what would we sudjest.. ive thought about it a like my work tools id like to invest in parts that i dont need to upgrade...
    what do you think. have i made a mistake in choosing the m542 drivers, they arrived today...

  5. #5
    m542 drivers are good, glad yours arrived.

    3Nm motors will be good for that size. You could get away with slightly smaller motors but the cost saving is minimal so I wouldn't bother. These are currently the cheapest:

    http://www.cnc4you.co.uk/index.php?r...&product_id=67

    You want a PSU just short of 50V. The cheapest way is to buy a toroidal transformer (500VA minimum for four 3Nm motors, 35V max), bridge rectifier and capacitors to make your own PSU.

  6. #6

  7. #7
    That's good, but not the cheapest.

    http://www.rapidonline.com/Electrica...-0-35v-88-3839

    (They come up cheaper on eBay quite regularly.)

    With capacitors and bridge rectifier (5 max) will be just as good if not better. You can find the circuit on google easily...

  8. #8
    Quote Originally Posted by Jonathan View Post
    That's good, but not the cheapest.

    http://www.rapidonline.com/Electrica...-0-35v-88-3839

    (They come up cheaper on eBay quite regularly.)



    With capacitors and bridge rectifier (5 max) will be just as good if not better. You can find the circuit on google easily...
    sorry im confused, you said a transformer around 50v, the one in the link is 0-35v.. what cap and bridge rectifier would i need...

    also is there a thread or diagram i could use...
    Last edited by crossleymarko; 04-04-2012 at 09:26 PM.

  9. #9
    Quote Originally Posted by crossleymarko View Post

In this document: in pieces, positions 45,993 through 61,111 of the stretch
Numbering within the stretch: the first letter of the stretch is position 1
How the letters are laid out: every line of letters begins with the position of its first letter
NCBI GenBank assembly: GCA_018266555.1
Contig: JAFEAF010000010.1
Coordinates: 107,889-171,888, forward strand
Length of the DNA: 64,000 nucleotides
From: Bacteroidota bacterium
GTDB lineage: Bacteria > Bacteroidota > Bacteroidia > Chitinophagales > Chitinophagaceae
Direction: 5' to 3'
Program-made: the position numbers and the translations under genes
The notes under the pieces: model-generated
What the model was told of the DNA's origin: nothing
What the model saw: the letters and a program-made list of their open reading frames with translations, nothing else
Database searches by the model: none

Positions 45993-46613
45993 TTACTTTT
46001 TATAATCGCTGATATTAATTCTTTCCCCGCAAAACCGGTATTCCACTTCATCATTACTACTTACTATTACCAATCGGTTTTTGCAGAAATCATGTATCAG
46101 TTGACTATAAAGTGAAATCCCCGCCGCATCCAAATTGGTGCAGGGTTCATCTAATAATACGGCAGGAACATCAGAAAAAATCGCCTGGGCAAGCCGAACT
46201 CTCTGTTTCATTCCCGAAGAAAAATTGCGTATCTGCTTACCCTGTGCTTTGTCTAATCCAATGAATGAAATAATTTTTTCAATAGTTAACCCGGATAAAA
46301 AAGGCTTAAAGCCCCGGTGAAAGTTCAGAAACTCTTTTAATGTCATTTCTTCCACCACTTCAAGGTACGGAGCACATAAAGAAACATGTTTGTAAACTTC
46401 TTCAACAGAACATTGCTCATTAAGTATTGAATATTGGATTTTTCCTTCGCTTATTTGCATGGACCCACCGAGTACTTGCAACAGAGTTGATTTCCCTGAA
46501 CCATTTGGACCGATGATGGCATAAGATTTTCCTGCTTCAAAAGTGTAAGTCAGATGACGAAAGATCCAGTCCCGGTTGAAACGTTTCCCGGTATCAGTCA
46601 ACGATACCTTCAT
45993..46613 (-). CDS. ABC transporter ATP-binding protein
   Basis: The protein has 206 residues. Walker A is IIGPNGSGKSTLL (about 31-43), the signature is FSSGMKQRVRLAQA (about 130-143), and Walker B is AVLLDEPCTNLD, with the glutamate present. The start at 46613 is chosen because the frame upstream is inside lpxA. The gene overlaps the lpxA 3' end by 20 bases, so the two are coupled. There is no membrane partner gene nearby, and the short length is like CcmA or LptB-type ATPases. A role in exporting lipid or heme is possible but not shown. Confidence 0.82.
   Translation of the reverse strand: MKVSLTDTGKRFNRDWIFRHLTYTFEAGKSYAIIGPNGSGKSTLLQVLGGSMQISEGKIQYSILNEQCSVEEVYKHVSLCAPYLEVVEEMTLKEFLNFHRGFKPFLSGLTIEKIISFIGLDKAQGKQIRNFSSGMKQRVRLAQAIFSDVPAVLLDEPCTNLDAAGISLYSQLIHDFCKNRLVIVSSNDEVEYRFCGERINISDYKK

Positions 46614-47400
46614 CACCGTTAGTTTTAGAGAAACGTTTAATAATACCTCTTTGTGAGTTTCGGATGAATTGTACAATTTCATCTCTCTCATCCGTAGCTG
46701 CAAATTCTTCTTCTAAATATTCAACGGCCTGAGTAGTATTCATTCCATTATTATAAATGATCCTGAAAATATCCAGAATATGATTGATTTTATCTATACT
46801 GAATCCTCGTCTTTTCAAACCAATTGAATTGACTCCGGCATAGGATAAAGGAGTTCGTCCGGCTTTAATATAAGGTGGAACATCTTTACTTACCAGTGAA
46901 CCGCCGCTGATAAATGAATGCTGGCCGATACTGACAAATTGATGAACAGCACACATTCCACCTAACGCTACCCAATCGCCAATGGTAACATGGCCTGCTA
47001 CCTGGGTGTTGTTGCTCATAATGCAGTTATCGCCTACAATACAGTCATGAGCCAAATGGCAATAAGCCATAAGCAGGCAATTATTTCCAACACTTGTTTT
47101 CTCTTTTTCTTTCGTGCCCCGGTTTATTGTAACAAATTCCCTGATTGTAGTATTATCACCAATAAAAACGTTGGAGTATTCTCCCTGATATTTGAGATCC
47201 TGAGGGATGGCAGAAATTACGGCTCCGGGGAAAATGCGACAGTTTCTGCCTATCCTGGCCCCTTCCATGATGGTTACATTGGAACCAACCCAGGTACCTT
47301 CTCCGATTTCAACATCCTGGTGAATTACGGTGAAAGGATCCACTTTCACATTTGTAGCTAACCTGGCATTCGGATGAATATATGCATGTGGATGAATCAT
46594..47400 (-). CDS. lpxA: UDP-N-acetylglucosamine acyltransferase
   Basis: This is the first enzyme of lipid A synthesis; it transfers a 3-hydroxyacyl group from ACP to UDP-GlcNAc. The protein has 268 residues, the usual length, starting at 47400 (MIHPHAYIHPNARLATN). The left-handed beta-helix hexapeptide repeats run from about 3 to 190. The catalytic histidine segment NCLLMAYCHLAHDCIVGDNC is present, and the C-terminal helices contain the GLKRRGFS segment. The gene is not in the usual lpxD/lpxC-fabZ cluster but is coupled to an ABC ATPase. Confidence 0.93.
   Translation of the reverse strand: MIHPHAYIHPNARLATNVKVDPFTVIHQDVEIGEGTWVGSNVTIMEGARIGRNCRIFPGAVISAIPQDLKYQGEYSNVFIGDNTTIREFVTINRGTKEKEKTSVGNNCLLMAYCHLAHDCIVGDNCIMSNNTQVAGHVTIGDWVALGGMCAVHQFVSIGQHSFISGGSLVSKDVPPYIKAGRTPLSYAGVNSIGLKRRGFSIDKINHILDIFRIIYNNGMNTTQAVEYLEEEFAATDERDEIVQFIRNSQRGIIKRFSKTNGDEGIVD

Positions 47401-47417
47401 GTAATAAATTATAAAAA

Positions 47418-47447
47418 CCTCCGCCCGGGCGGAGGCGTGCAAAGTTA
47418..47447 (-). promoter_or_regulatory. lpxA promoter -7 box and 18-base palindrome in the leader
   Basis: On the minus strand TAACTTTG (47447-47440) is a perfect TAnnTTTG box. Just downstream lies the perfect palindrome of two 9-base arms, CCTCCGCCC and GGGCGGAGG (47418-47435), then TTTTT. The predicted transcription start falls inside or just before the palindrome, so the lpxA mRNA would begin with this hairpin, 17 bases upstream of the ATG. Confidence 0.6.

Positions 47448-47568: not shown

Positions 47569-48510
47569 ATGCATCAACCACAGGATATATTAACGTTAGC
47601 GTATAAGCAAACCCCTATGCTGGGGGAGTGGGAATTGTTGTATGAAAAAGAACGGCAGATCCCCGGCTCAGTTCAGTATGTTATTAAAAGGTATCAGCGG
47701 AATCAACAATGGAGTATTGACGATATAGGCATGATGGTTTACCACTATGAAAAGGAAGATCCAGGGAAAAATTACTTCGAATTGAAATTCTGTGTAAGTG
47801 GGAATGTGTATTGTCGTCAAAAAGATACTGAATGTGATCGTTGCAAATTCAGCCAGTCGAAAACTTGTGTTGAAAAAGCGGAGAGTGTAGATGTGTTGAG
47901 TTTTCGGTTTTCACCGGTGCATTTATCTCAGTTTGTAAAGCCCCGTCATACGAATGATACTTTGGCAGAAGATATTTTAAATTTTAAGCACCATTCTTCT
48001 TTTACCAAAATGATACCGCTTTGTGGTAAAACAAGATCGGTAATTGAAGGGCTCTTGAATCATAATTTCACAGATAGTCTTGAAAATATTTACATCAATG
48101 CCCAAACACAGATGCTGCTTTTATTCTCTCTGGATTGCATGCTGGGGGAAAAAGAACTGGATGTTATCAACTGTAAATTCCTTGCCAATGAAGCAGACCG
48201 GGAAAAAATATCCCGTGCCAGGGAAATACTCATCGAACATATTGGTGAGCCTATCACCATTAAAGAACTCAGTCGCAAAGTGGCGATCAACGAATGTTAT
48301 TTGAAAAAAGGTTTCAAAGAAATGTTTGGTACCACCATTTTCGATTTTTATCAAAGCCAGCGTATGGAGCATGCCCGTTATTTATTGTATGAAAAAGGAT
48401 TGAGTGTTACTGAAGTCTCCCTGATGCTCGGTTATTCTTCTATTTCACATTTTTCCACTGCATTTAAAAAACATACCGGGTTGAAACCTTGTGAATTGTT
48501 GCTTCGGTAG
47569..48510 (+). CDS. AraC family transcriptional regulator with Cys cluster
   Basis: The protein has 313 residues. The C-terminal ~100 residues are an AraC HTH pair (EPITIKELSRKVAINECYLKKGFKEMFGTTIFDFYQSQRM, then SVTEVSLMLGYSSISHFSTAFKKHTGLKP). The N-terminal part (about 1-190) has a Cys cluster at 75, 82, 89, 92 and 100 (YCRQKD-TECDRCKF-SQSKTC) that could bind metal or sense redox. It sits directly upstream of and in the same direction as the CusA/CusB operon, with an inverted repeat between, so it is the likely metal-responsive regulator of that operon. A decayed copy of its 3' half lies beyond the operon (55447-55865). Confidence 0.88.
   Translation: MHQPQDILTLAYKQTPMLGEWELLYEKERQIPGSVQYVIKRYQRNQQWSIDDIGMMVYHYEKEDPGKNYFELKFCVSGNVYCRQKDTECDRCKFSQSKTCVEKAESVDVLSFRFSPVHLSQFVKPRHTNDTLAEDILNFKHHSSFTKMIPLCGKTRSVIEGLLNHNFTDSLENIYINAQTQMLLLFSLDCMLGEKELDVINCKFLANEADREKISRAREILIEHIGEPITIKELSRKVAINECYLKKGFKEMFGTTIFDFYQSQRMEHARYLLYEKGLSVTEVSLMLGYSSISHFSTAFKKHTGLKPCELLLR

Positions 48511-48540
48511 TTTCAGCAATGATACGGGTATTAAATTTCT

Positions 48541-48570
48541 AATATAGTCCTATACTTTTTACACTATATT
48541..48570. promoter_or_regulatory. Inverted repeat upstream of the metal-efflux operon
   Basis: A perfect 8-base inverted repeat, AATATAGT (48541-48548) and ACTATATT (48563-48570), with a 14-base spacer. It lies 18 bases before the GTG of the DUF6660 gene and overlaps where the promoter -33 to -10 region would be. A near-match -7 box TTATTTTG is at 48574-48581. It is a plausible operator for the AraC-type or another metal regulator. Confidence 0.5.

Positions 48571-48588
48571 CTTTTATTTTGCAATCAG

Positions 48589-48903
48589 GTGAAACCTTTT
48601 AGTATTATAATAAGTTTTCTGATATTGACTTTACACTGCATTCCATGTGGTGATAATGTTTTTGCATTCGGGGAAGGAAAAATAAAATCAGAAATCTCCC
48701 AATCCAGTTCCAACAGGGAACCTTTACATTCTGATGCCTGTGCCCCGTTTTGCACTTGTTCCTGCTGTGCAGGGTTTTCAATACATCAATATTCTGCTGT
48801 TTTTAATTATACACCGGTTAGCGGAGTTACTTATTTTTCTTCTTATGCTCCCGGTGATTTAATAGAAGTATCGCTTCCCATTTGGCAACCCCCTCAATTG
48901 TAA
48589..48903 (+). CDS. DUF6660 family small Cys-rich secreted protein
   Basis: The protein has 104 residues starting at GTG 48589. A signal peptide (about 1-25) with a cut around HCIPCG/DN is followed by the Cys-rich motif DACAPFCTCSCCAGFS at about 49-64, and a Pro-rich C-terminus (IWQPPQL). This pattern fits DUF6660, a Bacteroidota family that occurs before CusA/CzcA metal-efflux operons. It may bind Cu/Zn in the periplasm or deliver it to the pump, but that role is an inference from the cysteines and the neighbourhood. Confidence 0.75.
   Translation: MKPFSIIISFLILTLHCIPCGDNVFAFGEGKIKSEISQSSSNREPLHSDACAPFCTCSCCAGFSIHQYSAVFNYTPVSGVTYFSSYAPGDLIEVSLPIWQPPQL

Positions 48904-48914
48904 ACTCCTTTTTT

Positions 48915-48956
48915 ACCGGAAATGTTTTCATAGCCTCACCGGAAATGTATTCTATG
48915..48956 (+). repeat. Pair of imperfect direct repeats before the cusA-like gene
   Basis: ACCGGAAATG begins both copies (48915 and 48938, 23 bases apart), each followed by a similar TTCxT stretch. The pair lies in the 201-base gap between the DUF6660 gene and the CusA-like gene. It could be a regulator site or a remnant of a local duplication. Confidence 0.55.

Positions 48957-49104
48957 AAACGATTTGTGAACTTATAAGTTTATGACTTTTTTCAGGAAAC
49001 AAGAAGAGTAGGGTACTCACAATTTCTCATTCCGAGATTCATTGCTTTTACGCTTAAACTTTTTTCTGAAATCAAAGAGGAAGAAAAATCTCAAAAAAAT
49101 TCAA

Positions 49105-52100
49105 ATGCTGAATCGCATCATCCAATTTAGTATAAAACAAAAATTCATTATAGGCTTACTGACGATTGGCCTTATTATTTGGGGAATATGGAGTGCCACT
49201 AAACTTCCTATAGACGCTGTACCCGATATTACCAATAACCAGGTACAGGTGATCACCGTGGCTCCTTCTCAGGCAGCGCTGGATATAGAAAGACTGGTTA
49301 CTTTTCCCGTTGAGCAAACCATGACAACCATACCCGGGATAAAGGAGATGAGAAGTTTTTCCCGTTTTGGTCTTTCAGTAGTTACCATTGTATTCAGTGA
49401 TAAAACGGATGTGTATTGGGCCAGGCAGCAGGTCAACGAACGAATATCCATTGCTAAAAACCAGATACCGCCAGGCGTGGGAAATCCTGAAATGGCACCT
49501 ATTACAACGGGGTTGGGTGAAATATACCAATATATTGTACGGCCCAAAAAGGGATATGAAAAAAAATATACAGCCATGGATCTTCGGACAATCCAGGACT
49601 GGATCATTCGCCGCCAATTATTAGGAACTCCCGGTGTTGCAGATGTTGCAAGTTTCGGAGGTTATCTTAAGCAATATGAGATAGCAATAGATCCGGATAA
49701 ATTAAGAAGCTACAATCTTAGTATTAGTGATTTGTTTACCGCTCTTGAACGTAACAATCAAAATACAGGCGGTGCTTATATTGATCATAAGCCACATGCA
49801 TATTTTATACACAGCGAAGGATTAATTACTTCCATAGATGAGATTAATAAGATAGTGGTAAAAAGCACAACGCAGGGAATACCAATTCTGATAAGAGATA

sorry im confused, you said a transformer around 50v, the one in the link is 0-35v.. what cap and bridge rectifier would i need...

    also is there a thread or diagram i could use...
    Due to the capacitors the open circuit voltage will be the peak voltage, not the RMS voltage of the sinusoidal waveform from the transformer. To (approximately) find the ouput voltage you therefore multiply by the square root of 2 and subtract about 1.2V for the diode forward voltage, hence 35*2^0.5-1.2=48.3V.

    Bride rectifier:
    http://www.rapidonline.com/Electroni...ctifiers-66254

    Capacitor (3 or 4 in parallel):
    http://www.rapidonline.com/Electroni...acitor-11-2993

    The transformer has two 120V primary windings, so you connect them in series to get 240V then connect that to the mains via a fuse. There are two secondaries and you want the rated voltage, so put them in parallel to keep 35V but get twice the current and connect those two wires to the AC terminals of the bridge rectifier (marked '~'). The output waveform will now look similar to a loch-ness monster, so connect all the capacitors in parallel with the + and - terminals of the rectifier and double check the polarity is correct (if not they literally go bang).
    If you're not sure then read up on it or just get the PSU on eBay.

  10. #10
    quick search and found this...http://www.e-dan.co.uk/electronics/wiringtrans.html
    im confident in doing this but need steering in the right direction... are all the wire colours on the tororial universal...?